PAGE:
Why Naturalism? Because This.

Yet another example of a Pagan in a leadership position using that position for sexual misconduct, citing woo-woo “spiritual” reasons involving disembodied entities and “magical bonds” as “explanations” for his abuse.

How far would such hokum fly in a naturalistic Pagan community?


At all.

Willingness to take someone’s word about supposed supernatural processes and invisible beings is a formula for being abused. Healthy skepticism would have tossed this creep out on his ear long ago, but the conventions of many Pagan communities which take at face value highly improbable assertions about the nature of reality create safe contexts within which abusers can operate.

Say what you like about naturalistic Paganism, one thing is clear: a naturalist thinker isn’t going to be lured or cajoled or strongarmed into being abused with “magical” explanations.

This happens too much in the Pagan community. A healthy dose of skepticism is the cure for the problem.

And here’s a rule of thumb: any time a “leader” or “teacher” of any kind suggests that to “advance” you need to do something sexual: RUN.



What About Those Who Insist Their Gods Are Real? A Policy Statement.

Though I generally try to avoid engaging with them, there are those in the broader Pagan community who are quite adamant that their gods are real and that anyone who doesn’t think so isn’t a Pagan. Some of them feel the need to rail at people like Atheopagans and call for our expulsion from Pagan community. So I thought I would spell out my exact orientation to such folk, so my position is clear.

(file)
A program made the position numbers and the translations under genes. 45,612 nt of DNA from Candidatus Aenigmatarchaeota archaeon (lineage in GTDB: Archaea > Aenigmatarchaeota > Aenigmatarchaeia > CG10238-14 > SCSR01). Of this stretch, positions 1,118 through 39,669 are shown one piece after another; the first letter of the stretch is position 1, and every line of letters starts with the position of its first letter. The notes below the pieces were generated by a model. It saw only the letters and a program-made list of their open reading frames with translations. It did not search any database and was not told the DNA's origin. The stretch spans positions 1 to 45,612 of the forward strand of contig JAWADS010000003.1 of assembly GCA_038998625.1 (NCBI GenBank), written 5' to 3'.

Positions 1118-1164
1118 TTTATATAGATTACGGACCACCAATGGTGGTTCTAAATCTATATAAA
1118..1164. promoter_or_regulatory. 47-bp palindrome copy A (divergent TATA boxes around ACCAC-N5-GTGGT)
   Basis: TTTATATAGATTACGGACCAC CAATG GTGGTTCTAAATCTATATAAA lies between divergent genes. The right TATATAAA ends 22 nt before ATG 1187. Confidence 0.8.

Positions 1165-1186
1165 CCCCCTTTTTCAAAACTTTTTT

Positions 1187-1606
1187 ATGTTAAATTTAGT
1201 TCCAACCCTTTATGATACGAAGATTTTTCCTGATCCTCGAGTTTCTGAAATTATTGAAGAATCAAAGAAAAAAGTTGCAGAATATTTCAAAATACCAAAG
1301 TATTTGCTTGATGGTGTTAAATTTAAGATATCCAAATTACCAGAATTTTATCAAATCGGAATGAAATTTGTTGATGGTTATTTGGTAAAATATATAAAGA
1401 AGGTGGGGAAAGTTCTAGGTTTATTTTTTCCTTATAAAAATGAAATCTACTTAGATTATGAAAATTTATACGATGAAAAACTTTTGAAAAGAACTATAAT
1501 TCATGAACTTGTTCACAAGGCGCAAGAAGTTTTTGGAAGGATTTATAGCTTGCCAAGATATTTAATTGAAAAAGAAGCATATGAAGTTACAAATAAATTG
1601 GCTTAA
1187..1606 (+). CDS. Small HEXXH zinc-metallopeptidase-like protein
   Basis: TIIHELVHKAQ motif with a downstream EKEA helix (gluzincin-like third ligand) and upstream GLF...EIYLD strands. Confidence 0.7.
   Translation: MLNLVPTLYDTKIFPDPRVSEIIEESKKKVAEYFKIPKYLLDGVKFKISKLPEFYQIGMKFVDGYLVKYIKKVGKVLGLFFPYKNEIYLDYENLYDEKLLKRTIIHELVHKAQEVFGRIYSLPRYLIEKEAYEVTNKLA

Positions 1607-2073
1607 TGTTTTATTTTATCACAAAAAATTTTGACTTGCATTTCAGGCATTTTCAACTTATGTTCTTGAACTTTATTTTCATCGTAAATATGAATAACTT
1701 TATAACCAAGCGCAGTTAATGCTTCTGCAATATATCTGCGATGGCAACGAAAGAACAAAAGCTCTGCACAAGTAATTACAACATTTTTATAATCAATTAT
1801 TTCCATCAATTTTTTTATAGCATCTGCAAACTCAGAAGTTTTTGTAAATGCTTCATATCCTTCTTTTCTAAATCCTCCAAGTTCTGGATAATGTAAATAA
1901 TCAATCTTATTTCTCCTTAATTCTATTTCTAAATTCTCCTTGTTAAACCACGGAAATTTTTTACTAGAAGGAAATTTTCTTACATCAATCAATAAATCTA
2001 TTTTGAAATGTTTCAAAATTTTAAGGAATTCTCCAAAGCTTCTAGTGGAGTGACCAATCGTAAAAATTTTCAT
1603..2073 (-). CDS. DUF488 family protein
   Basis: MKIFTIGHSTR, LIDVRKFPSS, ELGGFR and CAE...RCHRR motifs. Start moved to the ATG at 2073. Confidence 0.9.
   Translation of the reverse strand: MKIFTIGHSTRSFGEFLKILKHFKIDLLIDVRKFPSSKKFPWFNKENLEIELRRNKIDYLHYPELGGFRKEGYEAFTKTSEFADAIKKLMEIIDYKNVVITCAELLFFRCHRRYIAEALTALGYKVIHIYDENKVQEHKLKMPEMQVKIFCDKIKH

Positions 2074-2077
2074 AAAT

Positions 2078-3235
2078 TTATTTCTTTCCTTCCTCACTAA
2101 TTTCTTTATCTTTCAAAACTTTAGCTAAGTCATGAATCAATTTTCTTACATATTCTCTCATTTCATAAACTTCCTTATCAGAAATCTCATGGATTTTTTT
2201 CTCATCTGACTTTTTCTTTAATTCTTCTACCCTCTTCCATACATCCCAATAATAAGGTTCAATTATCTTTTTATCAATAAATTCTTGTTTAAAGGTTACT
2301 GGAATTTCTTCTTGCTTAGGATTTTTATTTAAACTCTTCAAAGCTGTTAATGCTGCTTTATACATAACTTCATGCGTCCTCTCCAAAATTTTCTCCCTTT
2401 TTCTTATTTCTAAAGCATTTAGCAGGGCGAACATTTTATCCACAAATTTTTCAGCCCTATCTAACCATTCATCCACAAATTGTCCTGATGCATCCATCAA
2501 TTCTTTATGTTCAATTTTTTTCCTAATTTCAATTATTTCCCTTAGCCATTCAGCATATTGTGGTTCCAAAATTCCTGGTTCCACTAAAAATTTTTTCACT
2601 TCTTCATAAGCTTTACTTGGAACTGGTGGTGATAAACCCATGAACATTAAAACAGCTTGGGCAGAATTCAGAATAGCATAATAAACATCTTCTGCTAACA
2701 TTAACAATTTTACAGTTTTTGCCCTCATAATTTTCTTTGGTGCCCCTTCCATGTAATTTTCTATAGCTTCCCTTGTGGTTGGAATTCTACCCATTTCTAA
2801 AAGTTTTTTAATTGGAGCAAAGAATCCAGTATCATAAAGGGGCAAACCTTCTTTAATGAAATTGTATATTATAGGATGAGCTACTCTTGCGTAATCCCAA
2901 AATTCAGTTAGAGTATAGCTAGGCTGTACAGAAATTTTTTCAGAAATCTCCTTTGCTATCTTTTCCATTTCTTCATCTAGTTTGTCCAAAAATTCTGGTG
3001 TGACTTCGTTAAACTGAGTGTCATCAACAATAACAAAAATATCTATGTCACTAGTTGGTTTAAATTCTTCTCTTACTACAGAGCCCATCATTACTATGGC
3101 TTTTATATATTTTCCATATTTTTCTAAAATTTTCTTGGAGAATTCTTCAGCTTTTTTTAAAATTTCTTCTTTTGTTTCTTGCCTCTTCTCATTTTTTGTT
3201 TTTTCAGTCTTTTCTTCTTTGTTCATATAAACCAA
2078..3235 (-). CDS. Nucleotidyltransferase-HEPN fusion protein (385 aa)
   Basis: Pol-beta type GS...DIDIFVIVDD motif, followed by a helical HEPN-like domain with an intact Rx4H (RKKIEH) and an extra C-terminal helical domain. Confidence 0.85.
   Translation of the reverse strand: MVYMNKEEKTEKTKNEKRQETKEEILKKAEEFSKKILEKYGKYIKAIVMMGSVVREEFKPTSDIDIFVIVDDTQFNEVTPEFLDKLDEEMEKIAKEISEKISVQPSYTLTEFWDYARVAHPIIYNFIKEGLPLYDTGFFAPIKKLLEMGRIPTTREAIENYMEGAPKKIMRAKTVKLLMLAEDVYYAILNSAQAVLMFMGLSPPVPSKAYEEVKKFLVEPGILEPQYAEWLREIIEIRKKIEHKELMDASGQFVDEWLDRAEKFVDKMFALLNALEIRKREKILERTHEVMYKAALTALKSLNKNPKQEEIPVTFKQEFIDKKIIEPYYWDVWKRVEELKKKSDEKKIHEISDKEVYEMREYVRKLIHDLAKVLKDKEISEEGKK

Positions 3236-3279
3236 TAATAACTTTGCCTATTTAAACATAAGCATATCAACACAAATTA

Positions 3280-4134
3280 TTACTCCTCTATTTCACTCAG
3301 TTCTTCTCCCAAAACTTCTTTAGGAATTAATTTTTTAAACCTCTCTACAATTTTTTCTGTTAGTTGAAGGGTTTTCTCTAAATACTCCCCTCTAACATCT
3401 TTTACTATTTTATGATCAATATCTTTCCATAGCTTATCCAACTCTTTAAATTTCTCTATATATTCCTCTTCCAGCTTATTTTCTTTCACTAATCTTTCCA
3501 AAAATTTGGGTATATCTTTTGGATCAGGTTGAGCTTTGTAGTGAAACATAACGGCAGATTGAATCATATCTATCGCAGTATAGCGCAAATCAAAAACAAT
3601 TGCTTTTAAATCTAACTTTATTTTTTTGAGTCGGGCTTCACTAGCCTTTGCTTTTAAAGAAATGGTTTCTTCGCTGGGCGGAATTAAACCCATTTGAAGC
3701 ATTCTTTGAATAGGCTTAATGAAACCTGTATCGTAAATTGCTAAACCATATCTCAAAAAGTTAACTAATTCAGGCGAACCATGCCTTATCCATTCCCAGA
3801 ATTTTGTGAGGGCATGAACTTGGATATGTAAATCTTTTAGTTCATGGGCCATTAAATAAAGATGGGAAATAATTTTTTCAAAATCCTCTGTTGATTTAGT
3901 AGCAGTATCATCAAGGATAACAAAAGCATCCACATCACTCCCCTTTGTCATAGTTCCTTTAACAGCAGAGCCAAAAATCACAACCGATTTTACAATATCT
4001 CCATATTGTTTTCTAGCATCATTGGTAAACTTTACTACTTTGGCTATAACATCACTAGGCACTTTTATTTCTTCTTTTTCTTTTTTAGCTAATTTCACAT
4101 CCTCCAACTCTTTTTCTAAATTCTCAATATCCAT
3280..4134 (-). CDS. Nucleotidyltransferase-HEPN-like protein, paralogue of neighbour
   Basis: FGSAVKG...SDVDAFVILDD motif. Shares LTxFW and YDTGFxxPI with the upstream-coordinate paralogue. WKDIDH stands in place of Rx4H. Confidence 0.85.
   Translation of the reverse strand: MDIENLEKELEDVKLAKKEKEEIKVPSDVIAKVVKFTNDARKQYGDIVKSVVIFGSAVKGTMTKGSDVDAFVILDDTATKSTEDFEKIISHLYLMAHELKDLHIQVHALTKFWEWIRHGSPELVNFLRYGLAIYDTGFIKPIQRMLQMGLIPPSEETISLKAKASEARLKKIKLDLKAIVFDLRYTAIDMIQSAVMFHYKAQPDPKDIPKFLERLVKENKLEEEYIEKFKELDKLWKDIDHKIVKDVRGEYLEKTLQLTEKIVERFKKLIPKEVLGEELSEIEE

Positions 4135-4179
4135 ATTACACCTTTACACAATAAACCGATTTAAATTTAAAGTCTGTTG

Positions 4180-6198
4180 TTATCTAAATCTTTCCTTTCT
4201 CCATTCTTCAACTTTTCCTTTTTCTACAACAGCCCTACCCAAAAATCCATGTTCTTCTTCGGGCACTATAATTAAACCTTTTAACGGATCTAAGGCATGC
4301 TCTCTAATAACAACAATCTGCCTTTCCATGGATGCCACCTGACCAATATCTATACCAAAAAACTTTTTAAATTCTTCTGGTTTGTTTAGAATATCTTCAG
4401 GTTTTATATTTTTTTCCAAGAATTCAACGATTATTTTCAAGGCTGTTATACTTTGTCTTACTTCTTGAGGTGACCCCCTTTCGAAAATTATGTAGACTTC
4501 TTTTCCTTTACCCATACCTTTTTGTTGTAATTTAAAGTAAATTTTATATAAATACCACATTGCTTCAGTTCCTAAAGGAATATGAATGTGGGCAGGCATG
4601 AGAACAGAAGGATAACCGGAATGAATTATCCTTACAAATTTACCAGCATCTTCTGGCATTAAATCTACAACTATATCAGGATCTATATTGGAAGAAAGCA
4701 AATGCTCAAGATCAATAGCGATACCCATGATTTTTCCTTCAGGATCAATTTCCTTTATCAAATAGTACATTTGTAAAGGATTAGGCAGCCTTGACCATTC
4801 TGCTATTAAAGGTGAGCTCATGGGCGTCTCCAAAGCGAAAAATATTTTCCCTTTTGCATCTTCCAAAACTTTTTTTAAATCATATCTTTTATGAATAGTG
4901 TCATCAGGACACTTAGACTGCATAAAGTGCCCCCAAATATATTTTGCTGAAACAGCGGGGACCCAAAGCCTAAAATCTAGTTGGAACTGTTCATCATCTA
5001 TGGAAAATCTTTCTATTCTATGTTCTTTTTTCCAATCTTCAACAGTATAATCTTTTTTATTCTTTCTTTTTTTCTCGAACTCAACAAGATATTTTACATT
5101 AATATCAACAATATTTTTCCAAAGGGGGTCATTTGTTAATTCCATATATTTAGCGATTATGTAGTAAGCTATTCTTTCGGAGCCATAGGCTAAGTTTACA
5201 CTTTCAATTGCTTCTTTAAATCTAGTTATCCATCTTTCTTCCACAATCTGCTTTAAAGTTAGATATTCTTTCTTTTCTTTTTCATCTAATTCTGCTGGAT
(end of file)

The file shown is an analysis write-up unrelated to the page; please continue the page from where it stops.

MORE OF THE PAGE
Primarily, my inclination is to ignore them. They’re wrong, but they’re entitled to their opinions. If their beliefs make them happy, great. Though given the sour and caustic tone of some of them, there is reason to doubt this is the case.

I don’t care that other Pagans believe in gods. They’re welcome to do so, in my book, even though I believe that is in the process of dying out.

When it comes to the bigotry factor, however—the suggestion that there is something wrong with us because of what we believe and practice, or that it’s “not a real religion”— I will stick up strongly for our rights both to what we do and believe and to belong in both Pagan and atheistic communities. My only reason for engagement with strident god-believers who refuse to live and let live is in insisting that mine is a religion as well, and I have a right both to call it one and to a place in community. I have never argued that they have no place there, and this is a fundamental difference in values between us: inclusivity vs. exclusivity on the basis of cosmology and/or praxis.

I do not feel the need to try to establish that at some level, we are all talking about the same thing using different labels. We aren’t. We have a fundamental cosmological disagreement. “Real” for purposes of my writing means “existing in some sense external to the mind”. The memory of my mother, therefore, is not “real”, while, when she was alive, my mother was real.

Rocks are real. Gods are not. So the evidence suggests, and so I believe.